Kepler-11 System - System containing 6 transiting planets around a sunlike star. The system is too far away to be confirmed with dopplar spectrometry. Instead, the planets are close enough together that they were confirmed with Transit Timing Variation, which offered measurements for their mass and densities and compositions. The innermost five are Super-Earths and Neptunians and are compact and within Mercury-like distances, and are b (0.09 AU, 4 ME), c (0.10 AU, 13.5 ME), d (0.16 AU, 6.1 ME), e (0.19 AU, 8.4 ME), f (0.25 AU, 2.3 ME). The planets have surprisingly low density for such small planets and not likely rocky. The inner ones are likely mixture of rock/ice or rock/gas, while the outer three are so large for their mass that they have to have a lot of hydrogen/helium. Their outer shells are probably fluffy, while cores are rock hard. The outermost giant g is just outside Mercury's distance (0.46 AU, 1 MJ) and doesn't perturb neighbors enough for its mass to be calculated. They are all coplanar and have low eccentricities, none are in resonance, and the system is more compact than any other known system. Systems discovery prompted a briefing of Kepler's overall status.
NN Serpentis System - Old binary star system with two planets. The binary star consists of a white dwarf and a red dwarf star that orbit each other very closely and transit each other. Variations in transit times have confirmed that two planets, inner planet (1.6 MJ, 7.7 years) and outer planet (6.6 MJ, 15.5 years) in 1:2 resonance (?), orbit both stars. A red, white, and two colored objects all around reminds astronomers of a game of Snooker. The stars originally orbited each other every two years. After the primary star became a Red Giant, it swelled up and enveloped the Red Dwarf in its outer envelope. This friction caused the primary star to lose 75% of its mass and the stars were drawn inwards to form a tight binary. The primary star then became a white dwarf star about a million years ago. The gravity lost by this star might have destabilized any planets orbiting them. It's possible that the planets were formed after the primary star sluffed off much of its mass. An earlier planet was announced, but disproven.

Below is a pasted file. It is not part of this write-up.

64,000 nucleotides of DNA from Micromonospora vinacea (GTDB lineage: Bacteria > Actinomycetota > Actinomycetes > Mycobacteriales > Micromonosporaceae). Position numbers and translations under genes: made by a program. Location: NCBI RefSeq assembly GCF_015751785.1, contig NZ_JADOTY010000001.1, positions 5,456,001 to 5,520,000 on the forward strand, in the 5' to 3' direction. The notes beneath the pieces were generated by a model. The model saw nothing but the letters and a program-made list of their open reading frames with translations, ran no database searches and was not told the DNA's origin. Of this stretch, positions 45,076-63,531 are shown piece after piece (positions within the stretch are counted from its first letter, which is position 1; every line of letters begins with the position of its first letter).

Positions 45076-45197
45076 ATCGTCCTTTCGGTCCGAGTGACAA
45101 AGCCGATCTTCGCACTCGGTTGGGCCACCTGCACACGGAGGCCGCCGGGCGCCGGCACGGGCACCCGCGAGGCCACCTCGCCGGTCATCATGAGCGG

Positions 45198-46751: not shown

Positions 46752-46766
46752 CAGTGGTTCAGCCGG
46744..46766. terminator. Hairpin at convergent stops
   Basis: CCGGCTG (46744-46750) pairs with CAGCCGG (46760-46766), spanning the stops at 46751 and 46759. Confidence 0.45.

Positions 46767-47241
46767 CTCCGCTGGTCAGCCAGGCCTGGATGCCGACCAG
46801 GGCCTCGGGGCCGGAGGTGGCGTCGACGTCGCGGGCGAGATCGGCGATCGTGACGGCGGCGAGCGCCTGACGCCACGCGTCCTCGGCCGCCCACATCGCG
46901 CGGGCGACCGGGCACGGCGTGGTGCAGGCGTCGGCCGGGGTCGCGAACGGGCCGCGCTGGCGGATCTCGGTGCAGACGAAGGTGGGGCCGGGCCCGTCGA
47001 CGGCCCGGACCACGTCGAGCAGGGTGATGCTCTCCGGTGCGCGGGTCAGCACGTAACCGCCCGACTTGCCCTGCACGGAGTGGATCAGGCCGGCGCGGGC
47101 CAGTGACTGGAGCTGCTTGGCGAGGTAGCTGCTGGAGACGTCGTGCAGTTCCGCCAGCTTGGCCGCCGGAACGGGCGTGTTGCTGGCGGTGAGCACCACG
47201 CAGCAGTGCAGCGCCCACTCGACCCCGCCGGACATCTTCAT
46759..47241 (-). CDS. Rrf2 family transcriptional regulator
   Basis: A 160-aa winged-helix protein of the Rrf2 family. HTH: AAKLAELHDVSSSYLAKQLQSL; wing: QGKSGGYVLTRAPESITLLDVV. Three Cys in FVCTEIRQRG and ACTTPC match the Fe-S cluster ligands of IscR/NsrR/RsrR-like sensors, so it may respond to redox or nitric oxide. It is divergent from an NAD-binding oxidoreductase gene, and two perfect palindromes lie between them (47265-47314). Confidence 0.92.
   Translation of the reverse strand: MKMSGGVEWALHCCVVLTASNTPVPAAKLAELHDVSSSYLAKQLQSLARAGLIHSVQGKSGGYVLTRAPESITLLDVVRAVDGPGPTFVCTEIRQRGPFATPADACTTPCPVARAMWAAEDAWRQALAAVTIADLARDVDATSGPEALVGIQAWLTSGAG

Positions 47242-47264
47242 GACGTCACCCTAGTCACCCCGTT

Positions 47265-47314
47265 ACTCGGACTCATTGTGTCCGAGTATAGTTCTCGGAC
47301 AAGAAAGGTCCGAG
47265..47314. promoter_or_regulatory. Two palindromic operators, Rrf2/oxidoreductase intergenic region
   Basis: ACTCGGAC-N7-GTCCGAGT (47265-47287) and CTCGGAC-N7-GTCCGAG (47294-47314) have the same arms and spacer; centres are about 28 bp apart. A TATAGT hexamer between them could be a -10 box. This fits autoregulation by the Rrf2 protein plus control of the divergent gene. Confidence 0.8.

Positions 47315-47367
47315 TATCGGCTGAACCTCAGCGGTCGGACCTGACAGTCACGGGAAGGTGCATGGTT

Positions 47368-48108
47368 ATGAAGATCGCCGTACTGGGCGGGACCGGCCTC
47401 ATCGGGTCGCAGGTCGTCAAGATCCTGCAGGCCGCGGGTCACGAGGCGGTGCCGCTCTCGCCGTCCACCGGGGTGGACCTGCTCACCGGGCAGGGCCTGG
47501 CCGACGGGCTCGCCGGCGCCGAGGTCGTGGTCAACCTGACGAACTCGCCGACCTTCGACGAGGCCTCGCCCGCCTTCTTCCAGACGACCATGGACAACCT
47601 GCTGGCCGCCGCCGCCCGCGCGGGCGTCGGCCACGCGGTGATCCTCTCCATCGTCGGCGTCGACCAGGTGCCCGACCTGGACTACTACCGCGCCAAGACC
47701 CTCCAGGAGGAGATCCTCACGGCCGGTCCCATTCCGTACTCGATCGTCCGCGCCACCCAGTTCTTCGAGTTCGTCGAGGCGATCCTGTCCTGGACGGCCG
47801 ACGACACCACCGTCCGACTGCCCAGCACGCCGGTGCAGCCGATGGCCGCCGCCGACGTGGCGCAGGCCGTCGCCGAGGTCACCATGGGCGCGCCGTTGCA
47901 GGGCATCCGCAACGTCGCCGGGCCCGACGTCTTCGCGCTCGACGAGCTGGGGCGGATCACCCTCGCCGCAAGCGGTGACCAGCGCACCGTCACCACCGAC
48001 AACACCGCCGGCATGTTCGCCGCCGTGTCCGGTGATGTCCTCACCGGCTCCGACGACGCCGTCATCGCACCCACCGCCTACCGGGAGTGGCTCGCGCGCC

Kepler-9 System (Sep 2010) - Contains the 6th planet found by Kepler and the first star containing multiple transiting planets. The first system where transit times noted to vary due to interaction between planets, pioneering the transit timing variations method of confirmation. Has a hot Super-Earth that could be used to test the core accretion theory and two Saturn-sized planets. The two giant planets could have pushed the super Earth towards the star, which was unable to get the gasses needed form a Jupiter sized planet as the dust near the star rapidly dispersed.
Kepler-36 System - A star with two planets that get extremely close to each other. The inner planet b is a rocky super Earth at 0.115 AU, while the outer c is a mini Neptunian at 0.128 AU. C gets close enough to b that it can appear twice as large as the full moon. Their gravitational effects are large, causing large transit timing variations. They are in near 7:6 resonance. They approach each other every 97 days. The tidal effects are much greater than the Moon's on Earth, and might trigger volcanism. One question is if they formed on opposite sides of the snow line and how they might have drifted so close together. The pair have the largest density contrast of any measured system, with b being a rocky planet 8 times as dense as c. It's iron core likely has 30 percent of its mass, surrounded an atmosphere of % water and no more than 15% water. C may also have a rocky core, but surrounded by a much larger atmosphere of Hydrogen and Helium.
OGLE-TR-113 System - A binary orange dwarf star 1800 ly away in a crowded star field in Carina. It contains the second discovered Very Hot Jupiter (34 hours, 0.023 au, 1.3 MJ) and one of the first discovered transiting planets. At one time it was the only known transiting Hot Jupiter with a surface gravity greater than Jupiter's. Between 2002 and 2009, its transit times were found to shorten by 60 ms per earth year. This indicates that it is slowly spiraling towards its sun, the first exoplanet found to be doing this, and may get ripped apart by its star in 1.4 million years, when its period is reduced to 10.8 hours. An alternate explanation may be that an unseen planetary companion is causing the timing differences.